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SPOILER ALERT: Do not read if you have not yet watched “Are You From Pinner?” the fifth episode of the third season of “Killing Eve.”

Villanelle (Jodie Comer) just committed her most personal murder to date. But it was not one she took lightly.

In the fifth episode of the third season of “Killing Eve,” the spotlight was entirely on Villanelle as she returned to Russia and reconnected with her mother (Evgenia Dodina), brother Pyotr (Rob Feldman) and their extended family, which now included a stepfather and stepbrothers. By the end of the episode she had deeply bonded with the youngest in the family, Bor’ka (Temi Blaev) — but murdered her mother and caused an explosion in the house.

But, it was a murder that was kept off-screen. The episode went from seeing Villanelle reluctantly tell her mother, “I think I have to kill you” to seeing her mother’s dead body on the floor of the kitchen.

“Villanelle has always looked into the eyes of those she’s killed, and in one draft the kill was actually [depicted], and I was like, ‘Maybe she can’t look at her; maybe she has to cover her mother’s face. This isn’t as easy as she thinks,'” Comer tells Variety. “I think Villanelle’s having a real identity crisis after the events of Episode 5.”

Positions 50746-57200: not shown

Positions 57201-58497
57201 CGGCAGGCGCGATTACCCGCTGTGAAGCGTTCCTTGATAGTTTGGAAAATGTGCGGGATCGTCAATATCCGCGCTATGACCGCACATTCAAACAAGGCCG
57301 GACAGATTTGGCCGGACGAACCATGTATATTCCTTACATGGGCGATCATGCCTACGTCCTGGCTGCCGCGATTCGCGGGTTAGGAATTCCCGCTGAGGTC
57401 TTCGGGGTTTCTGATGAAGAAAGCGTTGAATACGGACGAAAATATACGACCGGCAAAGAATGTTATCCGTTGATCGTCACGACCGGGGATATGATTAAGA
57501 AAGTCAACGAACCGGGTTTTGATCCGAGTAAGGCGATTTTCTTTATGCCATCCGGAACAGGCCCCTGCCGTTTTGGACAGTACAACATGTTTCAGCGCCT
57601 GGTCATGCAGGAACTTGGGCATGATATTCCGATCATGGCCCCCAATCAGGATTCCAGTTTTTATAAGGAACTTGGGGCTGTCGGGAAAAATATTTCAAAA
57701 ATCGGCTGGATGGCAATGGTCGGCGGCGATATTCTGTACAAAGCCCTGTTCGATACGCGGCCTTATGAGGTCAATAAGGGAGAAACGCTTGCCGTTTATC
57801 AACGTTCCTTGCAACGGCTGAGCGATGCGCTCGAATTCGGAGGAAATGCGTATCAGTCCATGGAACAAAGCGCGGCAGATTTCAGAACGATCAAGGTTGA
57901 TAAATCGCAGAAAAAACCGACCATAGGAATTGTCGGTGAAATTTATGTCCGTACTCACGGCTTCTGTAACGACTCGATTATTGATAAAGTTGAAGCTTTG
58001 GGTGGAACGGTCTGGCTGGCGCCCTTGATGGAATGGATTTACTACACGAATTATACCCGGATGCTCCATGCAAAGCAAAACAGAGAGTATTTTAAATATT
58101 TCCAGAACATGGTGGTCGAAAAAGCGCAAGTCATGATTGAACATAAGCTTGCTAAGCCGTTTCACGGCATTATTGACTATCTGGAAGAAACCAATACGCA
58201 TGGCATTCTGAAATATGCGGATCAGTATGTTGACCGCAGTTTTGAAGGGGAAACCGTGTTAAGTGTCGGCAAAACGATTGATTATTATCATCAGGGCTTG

Comer liked that the show opted not to depict this particular murder because she felt the emotions, and therefore the stakes, were already clear.

“You can see the regret that she is already feeling but feels she has to go through with it — because I think she feels it’s the only way she feels she can fully kill her past and the woman that she was,” Comer says. “But actually in some ways, it’s like she kills Villanelle; it’s Oksana who is her true self and who she can’t get away from. So I think actually by doing what she has done, it has the complete opposite effect of what she was hoping for. For me now, at this point, I think Villanelle is her own worst enemy, and she’s coming to the realization that that may have been the case all along.”

Historically in the first two seasons of “Killing Eve,” the fifth episode is the one where Villanelle and the titular Eve (Sandra Oh) come face-to-face. But new head writer Suzanne Heathcote “didn’t want that to become an expected moment” and therefore worked with her writers’ room to construct an episode all about getting deeper into the history, emotions and mind of Villanelle.